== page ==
Cuban embargo puts strain on family ties

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I lost my most direct link to Cuba nearly a month ago when my grandfather died. We were not close ? I had only met him once. But something bothered me about the event nevertheless.
There was no logical reason I could put my finger on for feeling such strong emotion, for feeling my motivation for doing homework slip away and leaving me little choice but to delve into my photo album and grieve. Over the next three weeks, my grief had turned to anger.
You see, my father never went to Cuba to bury his father. His adopted country said no, you cannot go to Cuba to lay your father to rest; it would support Castro.
A handful of months before the election in 2004, Bush?s administration tightened travel restrictions to Cuba, constricting the family circle ?appropriate? to visit and reducing the number of times Cuban-Americans could visit the island from once a year to once every three years. The conservative-leaning hard-line Cubans of Florida were important to Bush. The votes he gained from this action might have brought him closer to these Cubans, but they have alienated many others.
I?ve been to the point in the U.S. closest to Cuba, which is just 90 miles from our soil at that point. It?s a point marked with a concrete monolith weighing thousands of pounds. When I learned of the restrictions, it was almost as if the same weight was being placed on my shoulders by the federal government. There was one other change in the restrictions, too: no emergency visits.
It didn?t matter if a cousin, sister, nephew or uncle was dying, or if they needed medication only you could get to them. It didn?t matter if they had just died. Uncle Sam was saying no, that Fidel Castro, Cuba?s ?president? and one of the most successful dictators in the history of the world, was an evil man and had to be punished. From the stories passed down through the last two generations of my family, I believe this to be true.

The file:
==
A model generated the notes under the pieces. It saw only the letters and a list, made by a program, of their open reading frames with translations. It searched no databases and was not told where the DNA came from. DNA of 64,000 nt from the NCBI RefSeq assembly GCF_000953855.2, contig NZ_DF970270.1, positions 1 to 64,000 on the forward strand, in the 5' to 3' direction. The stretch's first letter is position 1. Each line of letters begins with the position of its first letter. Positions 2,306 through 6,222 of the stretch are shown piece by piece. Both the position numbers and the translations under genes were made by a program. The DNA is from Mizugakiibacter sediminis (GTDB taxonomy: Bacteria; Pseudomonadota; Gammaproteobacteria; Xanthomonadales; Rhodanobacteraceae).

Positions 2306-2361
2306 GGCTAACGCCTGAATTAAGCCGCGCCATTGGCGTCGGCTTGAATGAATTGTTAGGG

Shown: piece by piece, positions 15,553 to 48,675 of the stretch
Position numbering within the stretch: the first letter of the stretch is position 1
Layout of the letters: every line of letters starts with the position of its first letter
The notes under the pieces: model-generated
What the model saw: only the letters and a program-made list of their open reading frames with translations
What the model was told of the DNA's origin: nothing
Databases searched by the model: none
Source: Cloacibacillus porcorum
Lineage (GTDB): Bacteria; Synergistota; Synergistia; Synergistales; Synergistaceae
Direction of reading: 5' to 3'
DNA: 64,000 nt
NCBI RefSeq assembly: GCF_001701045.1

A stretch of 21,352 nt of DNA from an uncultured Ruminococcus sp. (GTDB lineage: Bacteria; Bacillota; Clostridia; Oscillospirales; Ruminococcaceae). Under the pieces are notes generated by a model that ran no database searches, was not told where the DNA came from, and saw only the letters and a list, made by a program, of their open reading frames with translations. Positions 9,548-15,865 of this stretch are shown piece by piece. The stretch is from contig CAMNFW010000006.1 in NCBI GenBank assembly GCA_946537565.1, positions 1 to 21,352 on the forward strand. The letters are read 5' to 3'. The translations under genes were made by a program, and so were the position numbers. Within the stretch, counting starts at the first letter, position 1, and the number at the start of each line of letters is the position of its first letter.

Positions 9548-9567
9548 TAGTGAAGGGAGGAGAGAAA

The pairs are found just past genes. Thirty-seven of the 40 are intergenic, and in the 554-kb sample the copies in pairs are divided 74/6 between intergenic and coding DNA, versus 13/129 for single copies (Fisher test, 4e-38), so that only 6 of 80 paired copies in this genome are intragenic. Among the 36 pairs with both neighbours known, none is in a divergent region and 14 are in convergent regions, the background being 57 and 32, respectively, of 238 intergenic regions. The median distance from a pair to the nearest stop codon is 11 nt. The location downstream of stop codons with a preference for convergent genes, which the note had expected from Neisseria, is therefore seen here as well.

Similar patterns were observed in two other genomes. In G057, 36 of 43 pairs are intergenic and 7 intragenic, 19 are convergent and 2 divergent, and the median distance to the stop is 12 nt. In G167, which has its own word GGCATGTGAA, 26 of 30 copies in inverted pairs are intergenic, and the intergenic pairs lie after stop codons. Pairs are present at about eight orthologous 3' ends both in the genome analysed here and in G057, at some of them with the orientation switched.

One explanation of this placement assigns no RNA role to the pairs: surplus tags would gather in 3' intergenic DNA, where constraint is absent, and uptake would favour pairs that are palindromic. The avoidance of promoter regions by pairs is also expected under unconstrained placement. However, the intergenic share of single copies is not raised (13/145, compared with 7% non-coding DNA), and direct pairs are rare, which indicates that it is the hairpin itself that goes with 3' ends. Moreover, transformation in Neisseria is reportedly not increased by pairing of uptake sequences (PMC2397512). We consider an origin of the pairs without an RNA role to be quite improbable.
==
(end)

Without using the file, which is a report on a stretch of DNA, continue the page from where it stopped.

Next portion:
My dad could have done what an estimated 25,000 to 100,000 Cubans a year do and fly there through a third country, violating a poorly-enforced law to see his family, but by the time he would have arrived, the funeral would have been over. I don?t know why he didn?t go anyway.
The intent of the restrictions is to deny hard currency to Castro?s government, but it is obvious that Bush?s rules aren?t working. Legally, you can only send $100 per month to family members in Cuba, but if what other Cubans I know send there is any indication, the amounts are much more. According to Wikipedia, Cubans receive nearly $850 million each year from Cuban-Americans.
These restrictions only create anguish for families who are denied the fundamental right to travel and see their family members. The economic and travel embargo against Cuba does not work. For 46 years, Castro has ruled the island, secure in his power and reveling in the ?success? of his revolution.
Has everything the embargo has done been evil? No, but the United States cannot expect that a few more years of the same strategy will do what the last four decades have failed to do. It is time for our government to stop bullying the country and assault it with the tools of capitalism, cultural influence, and compassion.
One day, after Castro dies, I intend to buy land in Cuba and build a house there with a boat in Miami for a leisurely cruise to my summer getaway. I suspect many other U.S.-born Cuban-Americans will rediscover their roots and bring their families and dollars to the island in the years to come, regardless of whether Uncle Sam gives them permission.
For information on traveling to Cuba, visit the following website:
For a first-person account of how even military personnel are kept from visiting family on the island, go